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About Brad Hilderbrand

I've been covering the various facets of gaming for the past five years and have been permanently indentured to WorthPlaying since I borrowed $20K from Rainier to pay off the Russian mob. When I'm not furiously writing reviews, I enjoy RPGs, rhythm games and casual titles that no one else on staff is willing to play. I'm also a staunch supporter of the PS3.


Xbox 360 Review - 'PopCap Arcade Vol. 1'

by Brad Hilderbrand on Jan. 27, 2008 @ 2:03 a.m. PST

PopCap brings its greatest hits from computers, mobile phones and the Xbox Live Arcade right into the Xbox 360 console. This compilation features perennial favorites AstroPop, Zuma, Feeding Frenzy and the most popular Popcap game to date, Bejeweled 2.

Genre: Puzzle
Publisher: PopCap Games
Developer: PopCap Games
Release Date: November 9, 2007

Casual games can mean a lot of things to a lot of different people. Traditional, hardcore gamers decry the advent of these titles as the ruination of gaming's integrity. They claim that casual games dilute the medium and sap precious resources away from the next Bioshock in order to create another mindless puzzle title meant to be enjoyed only by young kids and soccer moms.

Others aren't so critical of the casual game segment, and they see these titles as a chance to expand gaming into markets that may have never embraced it before due to complicated controls or convoluted storylines. Casual games create an "access point," a way to introduce people to a new entertainment medium without intimidating them. Supporters also claim casual games are a great way for former gamers who no longer have the time to play to get their favorite drug in small, manageable doses.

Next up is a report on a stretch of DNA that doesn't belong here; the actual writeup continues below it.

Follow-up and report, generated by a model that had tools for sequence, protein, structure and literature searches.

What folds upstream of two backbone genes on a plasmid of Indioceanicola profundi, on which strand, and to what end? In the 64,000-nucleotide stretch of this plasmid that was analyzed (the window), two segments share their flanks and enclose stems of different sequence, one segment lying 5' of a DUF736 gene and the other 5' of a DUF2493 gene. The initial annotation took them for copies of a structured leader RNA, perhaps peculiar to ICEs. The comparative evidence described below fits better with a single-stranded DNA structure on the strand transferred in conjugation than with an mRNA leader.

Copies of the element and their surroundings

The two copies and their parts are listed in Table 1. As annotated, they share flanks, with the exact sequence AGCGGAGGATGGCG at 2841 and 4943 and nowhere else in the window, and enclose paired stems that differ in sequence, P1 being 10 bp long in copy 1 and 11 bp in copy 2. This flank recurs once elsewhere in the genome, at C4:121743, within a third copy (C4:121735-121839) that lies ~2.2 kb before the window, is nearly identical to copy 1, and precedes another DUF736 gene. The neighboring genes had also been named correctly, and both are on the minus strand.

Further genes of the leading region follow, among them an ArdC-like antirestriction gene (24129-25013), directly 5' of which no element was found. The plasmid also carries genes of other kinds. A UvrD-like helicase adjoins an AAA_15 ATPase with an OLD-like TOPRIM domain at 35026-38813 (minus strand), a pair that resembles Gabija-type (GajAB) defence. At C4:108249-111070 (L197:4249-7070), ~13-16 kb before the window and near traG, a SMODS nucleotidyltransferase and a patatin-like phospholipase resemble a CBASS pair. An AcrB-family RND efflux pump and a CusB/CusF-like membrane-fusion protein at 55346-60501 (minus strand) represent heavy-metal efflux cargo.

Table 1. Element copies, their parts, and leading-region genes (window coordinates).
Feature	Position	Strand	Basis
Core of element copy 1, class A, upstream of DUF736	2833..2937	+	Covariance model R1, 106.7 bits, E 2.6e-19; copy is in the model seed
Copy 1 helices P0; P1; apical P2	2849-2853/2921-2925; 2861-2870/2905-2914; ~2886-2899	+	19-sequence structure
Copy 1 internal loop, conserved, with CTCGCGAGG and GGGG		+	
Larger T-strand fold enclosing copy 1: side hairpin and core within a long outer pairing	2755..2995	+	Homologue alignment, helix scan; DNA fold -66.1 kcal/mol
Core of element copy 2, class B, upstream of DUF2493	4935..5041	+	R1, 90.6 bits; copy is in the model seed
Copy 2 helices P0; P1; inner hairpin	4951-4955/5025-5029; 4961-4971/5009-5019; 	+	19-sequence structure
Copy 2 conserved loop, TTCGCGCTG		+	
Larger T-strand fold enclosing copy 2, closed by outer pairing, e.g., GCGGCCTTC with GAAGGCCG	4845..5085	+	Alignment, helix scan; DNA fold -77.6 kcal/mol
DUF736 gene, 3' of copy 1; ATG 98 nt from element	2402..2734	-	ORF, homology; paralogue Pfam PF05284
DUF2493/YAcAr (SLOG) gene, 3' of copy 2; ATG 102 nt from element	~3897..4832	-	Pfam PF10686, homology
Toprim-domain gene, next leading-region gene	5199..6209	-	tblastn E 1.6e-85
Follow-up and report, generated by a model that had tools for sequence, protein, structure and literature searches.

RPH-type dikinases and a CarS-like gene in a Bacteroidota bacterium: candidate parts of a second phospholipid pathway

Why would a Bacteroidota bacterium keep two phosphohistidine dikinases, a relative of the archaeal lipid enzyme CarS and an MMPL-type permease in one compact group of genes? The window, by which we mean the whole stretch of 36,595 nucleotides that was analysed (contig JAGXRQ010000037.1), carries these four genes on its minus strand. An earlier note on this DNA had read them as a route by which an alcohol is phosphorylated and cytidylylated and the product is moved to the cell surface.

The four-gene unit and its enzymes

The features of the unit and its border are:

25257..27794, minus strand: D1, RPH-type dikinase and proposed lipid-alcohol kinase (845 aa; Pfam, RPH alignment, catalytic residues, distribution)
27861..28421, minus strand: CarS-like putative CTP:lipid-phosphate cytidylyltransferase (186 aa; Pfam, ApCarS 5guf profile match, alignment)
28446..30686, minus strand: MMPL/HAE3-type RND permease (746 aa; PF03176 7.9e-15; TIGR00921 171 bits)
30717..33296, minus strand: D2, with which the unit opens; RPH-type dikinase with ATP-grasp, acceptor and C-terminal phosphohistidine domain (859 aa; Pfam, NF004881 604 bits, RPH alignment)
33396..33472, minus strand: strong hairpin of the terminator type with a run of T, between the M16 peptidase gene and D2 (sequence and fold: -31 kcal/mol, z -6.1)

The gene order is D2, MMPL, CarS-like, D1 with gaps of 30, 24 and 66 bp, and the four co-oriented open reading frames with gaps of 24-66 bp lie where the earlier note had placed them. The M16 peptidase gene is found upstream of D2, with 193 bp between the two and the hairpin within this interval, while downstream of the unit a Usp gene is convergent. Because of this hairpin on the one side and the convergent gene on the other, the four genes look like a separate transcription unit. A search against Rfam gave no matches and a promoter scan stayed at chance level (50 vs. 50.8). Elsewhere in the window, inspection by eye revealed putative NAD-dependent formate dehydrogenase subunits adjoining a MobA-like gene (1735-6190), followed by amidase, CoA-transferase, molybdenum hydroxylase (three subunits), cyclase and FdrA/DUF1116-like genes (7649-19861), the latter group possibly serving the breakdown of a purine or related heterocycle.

Xbox Live Arcade has created the perfect medium for casual games to flourish, and Seattle-based PopCap Games has migrated its hugely successful lineup of downloadable PC games over to the home console. However, not every household has access a high-speed connection, so PopCap has packaged four of its most popular titles into one compilation pack, and each one of them is well worth the price of admission.

PopCap Arcade Vol. 1 brings fan favorites Bejeweled 2 and Zuma together with lesser known gems Astropop and Feeding Frenzy to create a four-pack of casual gaming goodness. It was really a brilliant move by PopCap to package two fun and addicting games with two of their biggest sellers, as fans of the headliners are likely to stick around and give the opening acts a try as well. Honestly, there's not a weak game in the bunch, and what you intend to be a 15-minute gaming session can easily run into well over an hour.